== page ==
- Intellectual property, as in the pharmaceutical industry.
- Rules and concessions from governments, as seen in port operators.
- Location (discover more about it in this article about business location analysis)
- Costs associated with switching providers, or switching barriers. This is true for business applications like IT systems.
- Supply contracts. In some markets, exclusivity clauses prevent new entrants. For example, finding a supplier of neodymium, a mineral used in wind turbines, is difficult. Suppliers of neodymium already have exclusive contracts with a few sectors.
It is critical to identify hurdles and conduct a thorough competitive analysis in attractive markets.
Because having many customers is useless if you have even more competitors!
3 Essential Competitive Analysis Survey Questions
Before you begin your competitive analysis (one of the essential things to consider before starting a business), ask yourself three questions:
1. Who are my rivals and what are their advantages?
2. How can I match or beat their performance while keeping costs down?
3. Are the products and services we provide different from those of our competitors? (Be honest here, don’t protect your darlings).
The answer to the first two questions varies drastically by market. Some of them will have extremely distinct competitors.
In the case of the lemonade stand, Joe and Sue’s competition was Mark. In other cases, you’ll be competing with companies from other industries for the same consumers.
Conclusion: How to Write a Competitive Analysis in a Business Plan
The competitive analysis is the first step in any business plan. Without this understanding, your business plan will not be complete.
The goal of the competitive analysis is to identify the competitors in your market and their strengths and weaknesses. You then need to determine how to compete against them.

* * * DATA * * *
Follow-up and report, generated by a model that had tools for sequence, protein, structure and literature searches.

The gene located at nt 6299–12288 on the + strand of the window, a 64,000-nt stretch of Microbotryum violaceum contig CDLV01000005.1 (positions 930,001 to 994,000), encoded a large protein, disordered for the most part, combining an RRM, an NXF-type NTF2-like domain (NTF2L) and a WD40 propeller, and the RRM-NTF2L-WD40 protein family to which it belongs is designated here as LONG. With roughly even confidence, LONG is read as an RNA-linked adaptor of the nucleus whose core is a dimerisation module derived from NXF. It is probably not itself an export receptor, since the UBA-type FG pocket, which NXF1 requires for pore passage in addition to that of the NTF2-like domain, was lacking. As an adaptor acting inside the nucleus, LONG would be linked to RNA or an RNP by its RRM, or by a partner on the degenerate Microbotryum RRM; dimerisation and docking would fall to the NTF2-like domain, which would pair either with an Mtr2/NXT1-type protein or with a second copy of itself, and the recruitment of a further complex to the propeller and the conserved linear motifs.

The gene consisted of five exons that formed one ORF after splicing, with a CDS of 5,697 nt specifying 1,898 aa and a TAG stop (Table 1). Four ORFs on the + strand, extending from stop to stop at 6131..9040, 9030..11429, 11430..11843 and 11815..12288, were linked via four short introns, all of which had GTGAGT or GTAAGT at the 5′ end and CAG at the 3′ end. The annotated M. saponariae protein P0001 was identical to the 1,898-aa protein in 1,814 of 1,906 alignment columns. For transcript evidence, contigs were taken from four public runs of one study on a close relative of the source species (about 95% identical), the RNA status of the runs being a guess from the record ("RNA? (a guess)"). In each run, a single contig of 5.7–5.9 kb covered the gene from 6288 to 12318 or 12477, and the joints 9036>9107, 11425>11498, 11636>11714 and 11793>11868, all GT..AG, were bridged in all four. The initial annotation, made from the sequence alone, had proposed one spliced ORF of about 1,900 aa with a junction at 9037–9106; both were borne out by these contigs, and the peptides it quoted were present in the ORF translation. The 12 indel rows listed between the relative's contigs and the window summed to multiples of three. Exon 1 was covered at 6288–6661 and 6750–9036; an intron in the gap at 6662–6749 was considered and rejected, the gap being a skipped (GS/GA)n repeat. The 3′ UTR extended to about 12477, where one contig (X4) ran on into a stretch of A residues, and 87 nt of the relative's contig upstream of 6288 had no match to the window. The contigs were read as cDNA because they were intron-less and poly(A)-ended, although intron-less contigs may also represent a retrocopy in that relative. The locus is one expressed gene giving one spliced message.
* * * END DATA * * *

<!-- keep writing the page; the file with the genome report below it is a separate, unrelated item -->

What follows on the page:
A competitive analysis is necessary because without knowing who your competitors are and what they are offering, you cannot build a better business plan to beat them.
Keep in mind that you should approach the competitive analysis from an objective perspective. That means avoiding writing about vendors that you have a personal relationship with or vendors that provide a service for your company. Instead, focus on building an unbiased view of how each competitor stacks up against each other and against you in the marketplace.
Your main goal is to have a complete roadmap with a comprehensive understanding of how the market evolves so you — the entrepreneur, the manager, the ship captain— can make an informed decision.
The first thing is to answer these 3 quests:
- Who are my rivals and what are their advantages?
- How can I match or beat their performance while keeping costs down?
- Are the products and services we provide different from those of our competitors? (Be honest here, don’t protect your darlings).
Once you answer these 3 questions, the roadmap for your unique competitive advantages will take shape to be inserted into your business plan.
This is a fantastic initial step for every business.
For more insights for entrepreneurs and small businesses, I recommend this book: All the Hows of a First-Time Business Owner: There is a thin line between bankruptcy and the freedom to be an entrepreneur
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Levi Borba is the founder of expatriateconsultancy.com, creator of the channel Small Business Hacks and The Expat, and a best-selling author. Subscribe to my articles (for free) and receive (also for free) the ebook “The Blueprint for First-Time Business Owners”.